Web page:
Few of the interviewees in her book, with the notable exception of New Republic literary editor Leon Wieseltier, perform Jewish religious rituals, and Pogrebin still wonders if public prominence is “compatible with an observant or identifiably Jewish life.” When she spoke to federation and synagogue groups, people “wanted these famous people to see the light and come to their shuls and JCCs to find out what they were missing.” Ironically, Pogrebin (the daughter of pioneering Jewish feminist Letty Cottin Pogrebin), who was herself raised without much Jewish education or observance, did “see the light.” Not long after writing the book, she joined Central Synagogue, started auditing classes at the Jewish Theological Seminary, and began hosting a Torah study group in her apartment with visiting rabbis from the egalitarian yeshiva Mechon Hadar.

Daryl Roth, the well-known Broadway producer who is presenting “Stars of David,” often champions playwrights and composers who work with Jewish themes. As a child growing up in Wayne, N.J., Roth was the only Jewish student at her school. Her upbringing, she said, formed her sense of Jews as outsiders, and inspired her to want to bring a Jewish sensibility to her work.

“I’m always very interested in pieces that deal with identity,” Roth remarked. “All of us question who we are and where we came from. Judaism is by nature a questioning religion.” The show is designed, she said, to be produced in synagogues, JCCs and other Jewish venues throughout the country.

One of the composers for the show, Amanda Green, is the daughter of legendary Broadway and Hollywood lyricist and playwright Adolph Green and actress-singer Phyllis Newman. For “Stars of David,” she composed songs based on Pogrebin’s interviews with Joan Rivers and Fran Drescher; the first, “High Holy Days,” revolves around Rivers’ love of the Days of Awe, while the second, “Just Be Who You Are,” traces Drescher’s road to self-acceptance in the face of crude ethnic stereotypes.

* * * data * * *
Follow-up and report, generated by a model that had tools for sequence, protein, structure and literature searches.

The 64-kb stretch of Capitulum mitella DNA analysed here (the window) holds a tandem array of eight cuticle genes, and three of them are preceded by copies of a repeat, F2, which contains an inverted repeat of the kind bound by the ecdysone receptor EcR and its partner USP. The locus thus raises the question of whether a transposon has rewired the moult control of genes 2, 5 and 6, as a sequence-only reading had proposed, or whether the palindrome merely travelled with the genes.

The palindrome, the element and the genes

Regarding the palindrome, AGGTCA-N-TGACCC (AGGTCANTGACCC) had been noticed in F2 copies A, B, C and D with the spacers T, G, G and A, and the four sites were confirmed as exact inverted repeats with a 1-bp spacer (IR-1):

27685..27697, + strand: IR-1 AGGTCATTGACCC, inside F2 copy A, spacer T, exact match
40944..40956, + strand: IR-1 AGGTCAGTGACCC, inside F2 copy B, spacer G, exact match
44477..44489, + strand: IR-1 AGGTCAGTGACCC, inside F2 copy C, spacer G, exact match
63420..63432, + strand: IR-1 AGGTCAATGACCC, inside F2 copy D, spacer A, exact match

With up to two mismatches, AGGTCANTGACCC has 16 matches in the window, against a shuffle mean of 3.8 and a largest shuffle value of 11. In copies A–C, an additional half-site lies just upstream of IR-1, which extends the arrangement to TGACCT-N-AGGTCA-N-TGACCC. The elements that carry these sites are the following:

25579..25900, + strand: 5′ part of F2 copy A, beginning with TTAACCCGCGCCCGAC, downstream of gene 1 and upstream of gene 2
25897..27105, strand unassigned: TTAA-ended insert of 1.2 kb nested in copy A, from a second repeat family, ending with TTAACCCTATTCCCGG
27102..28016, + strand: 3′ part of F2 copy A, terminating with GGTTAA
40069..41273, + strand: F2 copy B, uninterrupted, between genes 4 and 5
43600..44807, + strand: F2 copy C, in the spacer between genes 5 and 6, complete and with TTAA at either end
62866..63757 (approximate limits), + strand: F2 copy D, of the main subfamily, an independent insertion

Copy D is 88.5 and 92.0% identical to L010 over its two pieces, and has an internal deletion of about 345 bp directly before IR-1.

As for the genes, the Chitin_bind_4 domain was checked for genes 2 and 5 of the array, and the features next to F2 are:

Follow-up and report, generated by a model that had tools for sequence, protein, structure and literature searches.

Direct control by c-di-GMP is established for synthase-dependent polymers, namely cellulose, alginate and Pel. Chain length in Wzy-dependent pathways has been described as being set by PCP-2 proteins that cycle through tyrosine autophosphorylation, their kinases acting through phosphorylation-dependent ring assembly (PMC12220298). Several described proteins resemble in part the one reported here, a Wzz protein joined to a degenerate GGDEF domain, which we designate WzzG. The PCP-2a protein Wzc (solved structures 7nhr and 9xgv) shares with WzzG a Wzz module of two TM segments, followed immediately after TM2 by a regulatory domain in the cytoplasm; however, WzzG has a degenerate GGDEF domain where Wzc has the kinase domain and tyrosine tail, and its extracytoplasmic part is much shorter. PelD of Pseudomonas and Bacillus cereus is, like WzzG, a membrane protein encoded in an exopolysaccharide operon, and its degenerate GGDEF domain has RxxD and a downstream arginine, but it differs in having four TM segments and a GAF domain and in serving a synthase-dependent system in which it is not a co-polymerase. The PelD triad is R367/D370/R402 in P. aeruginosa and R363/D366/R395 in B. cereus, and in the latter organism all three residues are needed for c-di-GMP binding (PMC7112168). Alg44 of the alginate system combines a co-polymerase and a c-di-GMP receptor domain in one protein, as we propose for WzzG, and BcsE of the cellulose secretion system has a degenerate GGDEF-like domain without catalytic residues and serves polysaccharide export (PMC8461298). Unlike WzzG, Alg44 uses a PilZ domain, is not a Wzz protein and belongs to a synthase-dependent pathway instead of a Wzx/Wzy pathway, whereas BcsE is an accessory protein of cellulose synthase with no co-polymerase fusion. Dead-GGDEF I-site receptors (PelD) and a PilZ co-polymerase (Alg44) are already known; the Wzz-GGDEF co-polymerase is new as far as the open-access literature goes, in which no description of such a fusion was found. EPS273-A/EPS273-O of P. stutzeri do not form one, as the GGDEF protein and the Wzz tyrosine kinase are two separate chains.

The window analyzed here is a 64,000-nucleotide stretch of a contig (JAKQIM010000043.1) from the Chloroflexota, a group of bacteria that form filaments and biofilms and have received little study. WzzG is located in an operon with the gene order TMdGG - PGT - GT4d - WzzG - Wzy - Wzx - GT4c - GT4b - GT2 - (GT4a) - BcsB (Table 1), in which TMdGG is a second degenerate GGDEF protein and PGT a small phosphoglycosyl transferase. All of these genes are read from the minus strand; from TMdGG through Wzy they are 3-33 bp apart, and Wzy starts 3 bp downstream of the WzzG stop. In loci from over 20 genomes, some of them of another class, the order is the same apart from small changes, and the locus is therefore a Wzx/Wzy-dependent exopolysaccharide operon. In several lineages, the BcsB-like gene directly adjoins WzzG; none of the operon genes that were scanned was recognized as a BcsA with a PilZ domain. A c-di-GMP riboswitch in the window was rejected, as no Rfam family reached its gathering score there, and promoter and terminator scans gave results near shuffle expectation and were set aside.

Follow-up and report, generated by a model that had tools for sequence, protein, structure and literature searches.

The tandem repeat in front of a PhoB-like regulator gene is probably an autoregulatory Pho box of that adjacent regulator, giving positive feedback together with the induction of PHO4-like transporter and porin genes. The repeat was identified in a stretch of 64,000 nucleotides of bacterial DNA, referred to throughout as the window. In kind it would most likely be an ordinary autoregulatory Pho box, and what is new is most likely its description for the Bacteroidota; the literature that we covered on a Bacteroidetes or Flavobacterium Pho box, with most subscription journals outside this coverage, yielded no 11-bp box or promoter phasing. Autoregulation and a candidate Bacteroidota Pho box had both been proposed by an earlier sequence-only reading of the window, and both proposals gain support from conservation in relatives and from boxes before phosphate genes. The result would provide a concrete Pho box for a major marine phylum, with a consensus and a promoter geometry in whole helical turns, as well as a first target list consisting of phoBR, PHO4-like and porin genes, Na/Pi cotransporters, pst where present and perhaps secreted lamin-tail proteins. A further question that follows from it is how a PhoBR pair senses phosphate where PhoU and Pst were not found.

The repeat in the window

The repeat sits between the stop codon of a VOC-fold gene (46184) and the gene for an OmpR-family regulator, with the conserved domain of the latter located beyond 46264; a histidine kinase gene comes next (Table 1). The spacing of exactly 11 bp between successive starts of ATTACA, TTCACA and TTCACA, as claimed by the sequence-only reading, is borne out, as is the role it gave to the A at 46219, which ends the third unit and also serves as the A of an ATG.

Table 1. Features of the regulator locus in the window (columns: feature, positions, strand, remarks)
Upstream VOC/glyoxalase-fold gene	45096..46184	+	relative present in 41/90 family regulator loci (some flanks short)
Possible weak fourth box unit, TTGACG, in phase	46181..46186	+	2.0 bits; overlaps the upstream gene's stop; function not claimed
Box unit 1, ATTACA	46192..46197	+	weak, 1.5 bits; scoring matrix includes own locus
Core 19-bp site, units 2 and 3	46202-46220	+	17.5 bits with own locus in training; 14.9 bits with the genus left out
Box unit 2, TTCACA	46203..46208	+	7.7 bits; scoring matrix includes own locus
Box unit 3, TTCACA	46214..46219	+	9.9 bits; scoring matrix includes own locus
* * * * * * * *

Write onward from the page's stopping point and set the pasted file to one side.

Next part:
While Green said that she grew up in “cocoon of celebrated and successful Jewish composers and lyricists,” few of them worked with Jewish themes. Green found a common thread in the two entertainers that she wrote about, in that both have “big personalities” along with “ingenuity, smarts, ambition, and heart.”

Few musicals have been based on interviews; one notable exception is Hamlisch’s “A Chorus Line,” which was shaped from oral histories of non-celebrity Broadway dancers known as “gypsies.” Another is “Working,” the 1970s musical based on interviews by Studs Terkel; Greenberg came to “Stars of David” after working with composer Stephen Schwartz on a recent revival of “Working” in Chicago.

What was extraordinary about the interviews in those shows, Greenberg said, is that “the interviewees were so anonymous; they were not people whose voices were often heard. Audiences were amazed, he said, that a construction worker “had such beautiful poetry to his thoughts, dreams and hopes.” Greenberg is struck by how much the songs in “Stars of David” do a similar thing, albeit with celebrities, in showing how “we’re all connected under the skin.”

“Stars of David” opens Nov. 13 and runs through Dec. 15 at the DR2 Theater, 103 E. 15th St. Performances are Tuesdays at 7 p.m. and Wednesdays through Saturdays at 8 p.m., Wednesdays and Saturdays at 2 p.m. and Sundays at 3. For tickets, $75, call Telecharge at (212) 239-6200 or visit www.telecharge.com.